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Art Basel in Hong Kong 2018

Spotlight on… Art Central in Hong Kong

What to see at Art Basel in Hong Kong's satellite fair

Wing Shya’s Feast (Hong Kong, 2013) The artist. courtesy of blue lotus gallery

Art Central (until 1 April) returns to Hong Kong’s waterfront this week for its fourth edition, under the leadership of a new director, Shuyin Yang. Another addition is Ying Kwok, the curator of the Hong Kong pavilion at last year’s Venice Biennale, who is organising the special Projects section this year. Of the 102 galleries participating, 75% hail from the Asia-Pacific region, and 30 are showing for the first time.

“Our vision for the 2018 fair is to create an attractive and accessible platform, which both new and established collectors can enjoy,” Yang says. She highlights “recent discoveries”, such as Jung Uk Yang from Korea, Malaysia’s Anne Samat, Australian Jason Sims, Taiwanese Huang Zan Lun, and China’s Zhang Xiaodong, as well as established names like Entang Wiharso and Wing Shya.

“Hong Kong continues to redefine itself as the foremost art city in Asia,” says Yang, who joins the fair from Sundaram Tagore Gallery in Singapore. “Collectors are increasingly gravitating towards new forms of art-making and trying to challenge their own personal boundaries.”

Performance: 4A centre

Sam Lo’s Progress: The Game of Leaders (2017) Courtesy of Sarah Walker & Melbourne Festival

Sydney’s 4A Centre for Contemporary Asian Art returns to present a second year of Performance X 4A, a programme of performances and interactions staged on the fair floor. Singapore’s Sam Lo invites participants to play Jenga with oversized blocks representing the geopolitical climate, posing the question: “Where will you be standing when the First World falls?” The Filipino-Australian artist Caroline Garcia explores cultural appropriation and exotification through her Vitrine of Dancing Cultures. Hong Kong duo Sampson Wong and Lam Chi Fai investigate the city’s housing crisis, while Indonesia’s F.J. Kunting uses durational performance to muse on the challenges of communication.

Projects: Wolf and Ziulkoski

Andrea Wolf and Karolina Ziulkoski’s Future Past News (2016) Isabel Croxatto Galerie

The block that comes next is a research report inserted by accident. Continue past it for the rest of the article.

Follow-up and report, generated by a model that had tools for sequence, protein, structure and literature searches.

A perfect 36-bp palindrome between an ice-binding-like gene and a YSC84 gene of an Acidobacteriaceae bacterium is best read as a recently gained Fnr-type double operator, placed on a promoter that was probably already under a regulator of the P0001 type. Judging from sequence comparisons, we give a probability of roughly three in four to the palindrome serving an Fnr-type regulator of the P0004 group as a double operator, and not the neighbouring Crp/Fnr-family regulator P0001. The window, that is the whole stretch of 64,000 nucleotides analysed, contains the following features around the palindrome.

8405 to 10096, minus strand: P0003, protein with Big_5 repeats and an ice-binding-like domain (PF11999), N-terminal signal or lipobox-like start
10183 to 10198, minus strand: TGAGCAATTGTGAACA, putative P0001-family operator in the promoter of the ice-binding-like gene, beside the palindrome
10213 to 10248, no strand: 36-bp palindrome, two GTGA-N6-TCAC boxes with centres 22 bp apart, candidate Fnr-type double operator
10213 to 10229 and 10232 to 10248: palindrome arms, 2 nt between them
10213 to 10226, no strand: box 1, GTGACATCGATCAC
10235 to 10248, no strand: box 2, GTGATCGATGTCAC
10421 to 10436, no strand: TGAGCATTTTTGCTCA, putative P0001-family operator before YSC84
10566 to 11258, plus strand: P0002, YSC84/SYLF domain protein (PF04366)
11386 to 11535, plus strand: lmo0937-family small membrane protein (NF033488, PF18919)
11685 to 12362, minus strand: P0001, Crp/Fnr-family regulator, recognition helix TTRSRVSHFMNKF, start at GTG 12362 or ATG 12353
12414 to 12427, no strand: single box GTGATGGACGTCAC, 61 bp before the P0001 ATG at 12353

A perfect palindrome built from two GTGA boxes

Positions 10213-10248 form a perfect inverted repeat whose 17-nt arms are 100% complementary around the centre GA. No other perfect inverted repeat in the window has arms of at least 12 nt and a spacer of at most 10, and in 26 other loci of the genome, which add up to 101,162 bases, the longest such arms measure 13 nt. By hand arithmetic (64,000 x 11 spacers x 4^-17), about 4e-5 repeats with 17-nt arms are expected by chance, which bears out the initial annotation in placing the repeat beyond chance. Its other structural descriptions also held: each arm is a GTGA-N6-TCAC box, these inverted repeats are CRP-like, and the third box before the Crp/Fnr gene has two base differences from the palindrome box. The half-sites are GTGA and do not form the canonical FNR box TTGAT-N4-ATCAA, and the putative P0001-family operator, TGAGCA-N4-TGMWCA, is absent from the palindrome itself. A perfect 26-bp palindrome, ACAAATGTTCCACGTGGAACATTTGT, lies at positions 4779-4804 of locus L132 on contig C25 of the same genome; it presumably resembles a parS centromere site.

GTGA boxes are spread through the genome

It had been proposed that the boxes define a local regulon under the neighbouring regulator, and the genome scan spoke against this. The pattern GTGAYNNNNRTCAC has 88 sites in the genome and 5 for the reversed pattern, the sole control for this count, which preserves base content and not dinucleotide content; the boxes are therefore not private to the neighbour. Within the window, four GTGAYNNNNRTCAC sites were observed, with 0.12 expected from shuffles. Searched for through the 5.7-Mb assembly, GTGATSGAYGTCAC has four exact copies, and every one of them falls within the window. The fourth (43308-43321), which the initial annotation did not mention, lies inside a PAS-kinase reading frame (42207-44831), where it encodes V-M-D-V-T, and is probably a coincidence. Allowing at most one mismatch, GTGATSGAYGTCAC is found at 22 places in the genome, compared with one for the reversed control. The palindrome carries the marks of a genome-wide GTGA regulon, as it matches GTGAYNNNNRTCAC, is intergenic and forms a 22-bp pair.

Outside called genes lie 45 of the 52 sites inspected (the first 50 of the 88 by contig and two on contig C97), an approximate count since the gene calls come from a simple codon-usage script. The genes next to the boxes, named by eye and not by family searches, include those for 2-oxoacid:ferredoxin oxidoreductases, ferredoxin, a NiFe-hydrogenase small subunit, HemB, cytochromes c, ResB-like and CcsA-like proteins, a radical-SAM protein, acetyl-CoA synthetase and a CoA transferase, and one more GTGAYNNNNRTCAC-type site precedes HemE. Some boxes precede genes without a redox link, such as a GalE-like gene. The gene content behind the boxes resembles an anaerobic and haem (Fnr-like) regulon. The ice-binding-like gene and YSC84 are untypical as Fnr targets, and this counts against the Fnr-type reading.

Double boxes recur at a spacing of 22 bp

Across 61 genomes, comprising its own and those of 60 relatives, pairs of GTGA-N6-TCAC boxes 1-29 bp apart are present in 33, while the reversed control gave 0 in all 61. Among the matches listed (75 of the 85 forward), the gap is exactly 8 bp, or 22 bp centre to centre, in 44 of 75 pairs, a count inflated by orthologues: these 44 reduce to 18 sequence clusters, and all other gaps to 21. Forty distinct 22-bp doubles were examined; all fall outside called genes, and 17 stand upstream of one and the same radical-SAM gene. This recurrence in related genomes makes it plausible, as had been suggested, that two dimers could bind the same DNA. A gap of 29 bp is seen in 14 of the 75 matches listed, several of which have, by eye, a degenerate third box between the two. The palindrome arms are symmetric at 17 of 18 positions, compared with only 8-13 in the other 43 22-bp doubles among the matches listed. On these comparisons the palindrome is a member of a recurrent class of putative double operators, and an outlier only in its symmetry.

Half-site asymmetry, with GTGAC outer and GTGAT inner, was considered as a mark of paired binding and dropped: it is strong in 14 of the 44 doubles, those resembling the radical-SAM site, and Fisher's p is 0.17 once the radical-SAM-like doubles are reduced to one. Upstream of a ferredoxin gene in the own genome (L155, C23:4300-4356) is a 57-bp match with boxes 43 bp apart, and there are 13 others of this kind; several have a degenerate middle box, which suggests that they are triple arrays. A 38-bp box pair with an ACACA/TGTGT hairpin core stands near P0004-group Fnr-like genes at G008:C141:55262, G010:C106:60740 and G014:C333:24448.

The independent Hong Kong curator Ying Kwok has gathered six works integrating new technology and media with traditional culture for this year’s Projects section. Andrea Wolf and Karolina Ziulkoski’s Future Past News recreates a 1937 drawing room, where visitors can watch newsreel footage from the period on a vintage TV and then on an iPad with an augmented reality app, inviting comparisons between that era and our own. The project, previously shown at the New Museum of Contemporary Art in New York, will also be available online and as an app. Sociopolitical commentary also infuses Entang Wiharso’s My Heart is Bigger than You Think (2013), a relief sculpture of entangled, supine, often dismembered human figures, one of whom declares: “It’s better keep quiet than make bad noise.” Wiharso, one of Indonesia’s foremost artists, participated in the 2015 Venice Biennale and bluntly critiques his country’s politics through traditional Javanese themes.

Photography: Wing Shya

Wing Shya’s Superheroines (Hong Kong, 2013), from the Sweet Sorrow series The artist. Courtesy of Blue Lotus gallery

The Hong Kong photographer Wing Shya continues to ride a wave of popularity, following a solo show at the Shanghai Centre of Photography. For its booth at Art Central, the Hong Kong-based Blue Lotus Gallery features works from his Sweet Sorrow and Happiness series. Originally a fashion and celebrity photographer, Wing captured Hong Kong during its 1990s cinematic heyday on the film sets of his mentor, Wong Kar-Wai, while documenting the city’s neon-drenched streets and disaffected youth.